TimeSlips: The Library helps nursing home residents be creative and stay engaged
Looking at a photo of three little boys, the nursing home resident declared that it was him and his brothers. He talked about their childhood days.
The photo was not of the resident’s family, but no one corrected him. His mind was engaged as he happily reminisced with fellow residents. That is the point of TimeSlips, a program offered by The Library for free to five local nursing homes.
“He was feeling the comfort of family,” says Jessica Finkenbinder, recreation director at the Jewish Home in Lower Paxton Township. “It bought comfort to see that picture and to think about when he was young with his brothers.”
The Library launched the initiative before COVID-19 halted access to nursing homes. During the pandemic, The Library has continued to offer TimeSlips resources to its five participating nursing homes, which use them to help keep residents engaged and active.
TimeSlips is a national program designed to spark creativity in people with dementia and cognitive impairments. Participants are not asked to recall lost memories, which could cause shame and embarrassment. Instead, a typical TimeSlips program presents nursing home residents with a photo. Each participant contributes thoughts about what they see in the image, whether from memory or the present. At the end, the facilitator compiles their contributions into a cohesive story.
Through TimeSlips, The Library gives nursing homes a valuable exercise to offer residents – research-based, facilitated time for collaboration and creative engagement. Participating facilities are Brookdale of Harrisburg, The Jewish Home, Spring Creek Rehabilitation and Nursing Facility, Homeland Center, and Premier of Susquehanna.
“During TimeSlips, there are no right or wrong answers,’’ says Marla Cattermole, The Library’s Outreach Pilot who is also a certified TimeSlips facilitator. “Residents take pride in being able to answer questions and getting validation.”
TimeSlips encourages residents to brainstorm and conclude with a finished product, says Finkenbinder.
“They’re bouncing ideas off each other,” she says. “They want to feel like they’re a part of something, and they can contribute something.”
Taking TimeSlips into some of Dauphin County’s nursing homes fits neatly into The Library’s Strategic Plan for breaking down the traditional walls of libraries, says Adult Programming and Outreach Coordinator Ashley Famularo.
“One of our goals is to build a connected community – to identify barriers in our community that are preventing access to library resources,” she says. “It’s also about encouraging general socialization, especially now.”
"With support provided by the Arts for All Partnership, a partnership between the Cultural Enrichment Fund and the Greater Harrisburg Community Foundation, a regional foundation of The Foundation for Enhancing Communities (TFEC) in Harrisburg, The Library is preparing to train six more staffers as TimeSlips facilitators. They will take the program back inside nursing homes as they reopen and could allow expansion to more facilities, Famularo says."
When COVID-19 closed the doors to nursing homes, Cattermole and Famularo put their heads together on ways to maintain TimeSlips and other services offered by The Library. Drawing ideas from the national TimeSlips program, they created a kit for monthly distribution, complete with photo, suggested questions, and worksheets.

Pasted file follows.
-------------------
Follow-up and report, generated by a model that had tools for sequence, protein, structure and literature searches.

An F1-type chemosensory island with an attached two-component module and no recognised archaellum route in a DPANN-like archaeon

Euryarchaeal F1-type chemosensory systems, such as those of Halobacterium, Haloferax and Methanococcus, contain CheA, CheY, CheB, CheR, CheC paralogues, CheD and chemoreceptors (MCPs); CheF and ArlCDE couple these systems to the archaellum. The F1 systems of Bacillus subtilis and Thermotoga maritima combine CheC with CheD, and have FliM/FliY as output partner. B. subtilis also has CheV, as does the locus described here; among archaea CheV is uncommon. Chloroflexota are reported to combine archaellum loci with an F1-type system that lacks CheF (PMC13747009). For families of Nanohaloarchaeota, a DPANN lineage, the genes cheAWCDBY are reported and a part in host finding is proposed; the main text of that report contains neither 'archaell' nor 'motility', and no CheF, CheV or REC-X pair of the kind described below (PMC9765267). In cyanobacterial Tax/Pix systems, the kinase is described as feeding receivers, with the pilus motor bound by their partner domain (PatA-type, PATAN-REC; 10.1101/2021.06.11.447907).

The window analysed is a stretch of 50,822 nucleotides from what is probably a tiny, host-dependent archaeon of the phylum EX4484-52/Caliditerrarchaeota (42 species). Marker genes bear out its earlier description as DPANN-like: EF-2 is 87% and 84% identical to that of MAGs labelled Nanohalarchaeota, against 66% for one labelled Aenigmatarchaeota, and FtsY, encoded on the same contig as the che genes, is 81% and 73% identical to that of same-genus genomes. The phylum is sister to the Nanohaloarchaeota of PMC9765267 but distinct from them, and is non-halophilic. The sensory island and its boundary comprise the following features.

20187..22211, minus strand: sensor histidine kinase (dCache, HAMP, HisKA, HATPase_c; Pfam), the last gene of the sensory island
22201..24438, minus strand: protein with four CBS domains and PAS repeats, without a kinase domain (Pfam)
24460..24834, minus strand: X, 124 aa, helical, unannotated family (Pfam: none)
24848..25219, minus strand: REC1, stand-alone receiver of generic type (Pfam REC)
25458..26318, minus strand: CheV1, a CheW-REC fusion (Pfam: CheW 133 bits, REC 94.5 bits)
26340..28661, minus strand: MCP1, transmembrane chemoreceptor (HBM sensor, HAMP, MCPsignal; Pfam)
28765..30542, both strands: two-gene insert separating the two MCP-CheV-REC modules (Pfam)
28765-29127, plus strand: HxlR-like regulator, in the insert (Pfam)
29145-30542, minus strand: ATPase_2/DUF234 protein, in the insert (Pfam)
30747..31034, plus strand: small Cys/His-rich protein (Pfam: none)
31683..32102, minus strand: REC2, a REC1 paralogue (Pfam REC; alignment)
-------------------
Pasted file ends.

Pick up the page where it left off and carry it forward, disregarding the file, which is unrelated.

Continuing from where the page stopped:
Nursing home activities directors can get stuck for new ideas, so they are continually searching for new ways to engage residents, says Finkenbinder. “I’ll wait for the new TimeSlips. I’ll put it on my calendar. Animal pictures are always cute. Animals and kids. The kids’ ones really make the residents smile.”
Cattermole also adds a coloring page to the packet. The Jewish Home staff uses it to offer TimeSlips participants an additional, stimulating activity that they can do on their own, not just by coloring but by adding a title and a slogan.
“If they’re left with something to ponder over, put aside, and pick up again, to create on their own time, that gives them a sense of ownership, of doing something on their own,” says Finkenbinder. “It’s something to be proud of.”
For nursing homes always in need of new activities, TimeSlips is “absolutely free, but what you’re getting are professional, certified resources,” says Cattermole.
During the pandemic, The Library maintained its array of services for nursing homes. Craft kits, refreshing the books and audiobooks for inhouse book exchanges, even links to videos made for The Library by local musicians, The Library was always responsive with “whatever help I asked for,” says Finkenbinder.
The videos are especially appreciated for bringing music to residents and staff who have not had live entertainment in their buildings since the pandemic started.
Finkenbinder deeply appreciates the access to TimeSlips that The Library provides. For residents, it is a time for reminiscing, creating, and safely socializing, “which is a big thing, especially now.”
Even Finkenbinder and Jewish Home staffers eagerly await their packets and the fun surprise of seeing what that month’s photo will be. In February, of course, the photo showed a young man about to give roses to his sweetheart.
In addition to giving residents a boost, TimeSlips and The Library’s effort bring a smile to staff members.
“Our residents know that the community is there for them,’’ Finkenbinder says. “We appreciate that The Library is supportive of them.”